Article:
“The Surrealists, who emerged from Dada, seized on the fashion mannequin as a symbol of modern personality—assertive and hard-contoured yet empty and paralysed. They were partly following the precedent of the Metaphysical painter, Giorgio de Chirico, who showed genderless tailors’ dummies marooned in twilit deserted plazas. (Bowie explicitly voiced his admiration for de Chirico and later replicated his work, as well that of the Surrealist René Magritte, in the hallucinatory sets for the 1985 video of ‘Loving the Alien’),” writes Paglia.
“The mannequin was so artificial that it eventually became gender-neutral. Its spectral aura was well captured in ‘The After Hours’ (1960) from the first season of The Twilight Zone, a TV series launched by America’s greatest native Surrealist, Rod Serling: here department store mannequins are tracked as they roam, freeze, and frighteningly come alive again.”
(I love this passage from Paglia because recently I have become addicted to watching Serling’s follow-up series to The Twilight Zone, Night Gallery—Seasons 2 and 3 available to Hulu subscribers.)
“Bowie’s genius for using the camera as others use a paint brush or chisel—not from behind the camera but before it—was dramatized in The 1980 Floor Show, his last appearance as Ziggy Stardust. This cabaret-structured program was recorded over three nights in October 1973 at the Marquee Club in London and was broadcast on American TV the following month.” writes Paglia.
“In one routine, Bowie wore a see-through black fish-net body suit (designed by him and Freddie Burretti) adorned with two gold-painted mannequin’s hands attached to his chest….it seemed as if his body were being played like a piano—not unlike the way Man Ray turned the body of Kiki de Montparnasse into a sensuous violin.”
My favorite clip from The 1980 Floor Show, featuring the divine Amanda Lear:
Pierrot costume, 1980, designed by Natasha Korniloff for the “Ashes to Ashes” video and Scary Monsters (and Super Creeps) album cover.
“Bowie’s Pierrot, wearing a tufted white clown costume and dunce cap, has a gangly awkwardness and a timid, pre-sexual innocence,” writes Paglia.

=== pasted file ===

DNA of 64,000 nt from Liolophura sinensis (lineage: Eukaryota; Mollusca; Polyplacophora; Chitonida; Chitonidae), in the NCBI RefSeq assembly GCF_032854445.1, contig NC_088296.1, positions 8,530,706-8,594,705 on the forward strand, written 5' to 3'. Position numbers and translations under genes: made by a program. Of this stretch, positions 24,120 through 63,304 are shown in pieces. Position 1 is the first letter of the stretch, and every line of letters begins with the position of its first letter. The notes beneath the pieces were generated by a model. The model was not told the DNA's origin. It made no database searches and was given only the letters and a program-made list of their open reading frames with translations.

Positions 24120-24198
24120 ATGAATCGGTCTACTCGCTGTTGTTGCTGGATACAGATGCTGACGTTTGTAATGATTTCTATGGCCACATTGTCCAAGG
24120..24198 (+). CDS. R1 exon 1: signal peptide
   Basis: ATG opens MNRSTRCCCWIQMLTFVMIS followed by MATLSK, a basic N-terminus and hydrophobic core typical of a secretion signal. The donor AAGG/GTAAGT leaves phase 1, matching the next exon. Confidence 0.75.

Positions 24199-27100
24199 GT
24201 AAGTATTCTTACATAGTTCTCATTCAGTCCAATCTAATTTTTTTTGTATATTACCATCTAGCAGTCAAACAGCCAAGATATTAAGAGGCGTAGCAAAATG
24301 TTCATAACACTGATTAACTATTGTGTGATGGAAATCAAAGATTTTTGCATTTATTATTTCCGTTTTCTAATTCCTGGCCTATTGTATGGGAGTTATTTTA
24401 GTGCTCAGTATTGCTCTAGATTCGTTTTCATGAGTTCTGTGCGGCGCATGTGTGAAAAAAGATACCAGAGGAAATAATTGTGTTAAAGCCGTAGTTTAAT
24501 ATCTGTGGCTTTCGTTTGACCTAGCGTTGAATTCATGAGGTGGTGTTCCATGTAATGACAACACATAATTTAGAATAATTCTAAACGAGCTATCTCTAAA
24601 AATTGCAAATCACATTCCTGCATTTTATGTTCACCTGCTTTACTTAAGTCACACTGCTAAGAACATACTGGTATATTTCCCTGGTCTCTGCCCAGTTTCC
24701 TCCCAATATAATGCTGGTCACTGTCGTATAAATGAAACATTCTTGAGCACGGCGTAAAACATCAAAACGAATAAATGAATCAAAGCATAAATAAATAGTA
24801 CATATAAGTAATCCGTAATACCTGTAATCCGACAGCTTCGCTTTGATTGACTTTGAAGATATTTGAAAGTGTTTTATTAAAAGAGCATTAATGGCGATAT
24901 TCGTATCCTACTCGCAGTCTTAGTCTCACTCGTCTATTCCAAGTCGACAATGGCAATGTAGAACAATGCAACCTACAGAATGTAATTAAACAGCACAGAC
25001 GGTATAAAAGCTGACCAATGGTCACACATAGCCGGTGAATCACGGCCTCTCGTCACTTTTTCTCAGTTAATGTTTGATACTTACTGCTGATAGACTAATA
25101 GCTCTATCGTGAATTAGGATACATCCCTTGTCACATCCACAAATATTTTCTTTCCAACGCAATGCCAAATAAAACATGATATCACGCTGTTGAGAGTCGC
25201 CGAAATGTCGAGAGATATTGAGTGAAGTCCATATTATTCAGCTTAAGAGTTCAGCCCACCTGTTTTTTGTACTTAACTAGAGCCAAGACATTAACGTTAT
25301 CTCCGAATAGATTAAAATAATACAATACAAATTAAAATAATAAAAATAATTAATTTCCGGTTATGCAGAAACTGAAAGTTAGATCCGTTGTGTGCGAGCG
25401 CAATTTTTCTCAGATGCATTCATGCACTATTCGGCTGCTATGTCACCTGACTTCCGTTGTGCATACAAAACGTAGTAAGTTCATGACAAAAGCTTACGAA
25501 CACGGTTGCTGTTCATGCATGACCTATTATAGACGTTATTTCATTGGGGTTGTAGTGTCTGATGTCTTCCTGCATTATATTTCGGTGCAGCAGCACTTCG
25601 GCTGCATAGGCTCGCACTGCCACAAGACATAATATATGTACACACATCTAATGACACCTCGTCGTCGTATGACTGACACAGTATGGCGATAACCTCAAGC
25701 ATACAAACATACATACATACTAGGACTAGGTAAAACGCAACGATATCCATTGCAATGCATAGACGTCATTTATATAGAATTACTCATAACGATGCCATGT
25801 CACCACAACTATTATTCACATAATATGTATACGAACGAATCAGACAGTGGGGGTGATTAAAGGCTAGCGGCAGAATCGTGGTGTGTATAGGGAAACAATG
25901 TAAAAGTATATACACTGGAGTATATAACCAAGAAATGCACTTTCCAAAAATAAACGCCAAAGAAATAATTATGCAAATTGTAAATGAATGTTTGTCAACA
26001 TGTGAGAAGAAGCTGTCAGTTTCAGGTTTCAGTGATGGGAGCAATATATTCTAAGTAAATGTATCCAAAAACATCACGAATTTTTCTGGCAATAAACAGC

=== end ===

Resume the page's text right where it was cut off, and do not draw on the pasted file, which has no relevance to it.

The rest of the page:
“Bowie has rarely spoken publicly of his mother and, in the 1970s, curtly rebuffed prominent British and American TV interviewers when they presumptuously prodded him about it. The finale of ‘Ashes to Ashes’ addresses the matter in dramatic symbolism, like the depressed film director Guido’s dream encounter with his parents in a cemetery in Federico Fellini’s 8 ½. Hectored by a small, gesticulating older woman, whom Bowie said (when introducing this video for a 1993 MTV retrospective) resembled his mother, Pierrot strolls with abashed attentiveness and dutiful resignation along the edge of an infernal underground sea.
A moment before, he stands flinching and paralyzed from the camera flash of a merciless paparazzo: the shooting of a picture (the video’s third photo portrait) becomes a real bullet shot. Is Pierrot now dead and his mother come to reclaim his body—like Mary for a pietà? Bowie’s ending evokes that of The Tramp, where another childlike, genderless clown, Charlie Chaplin in a fake mustache, rambles away down a dirt road. There are also striking visual parallels to a mordant moment in Fellini’s La Dolce Vita where a fierce matriarch of the old Italian nobility materializes at dawn with a priest and imperiously summons her carousing adult children to Mass. The other decadent partygoers stand stupefied as they watch their recently priapic but now cowed playfellows fall in line and obediently troop away.”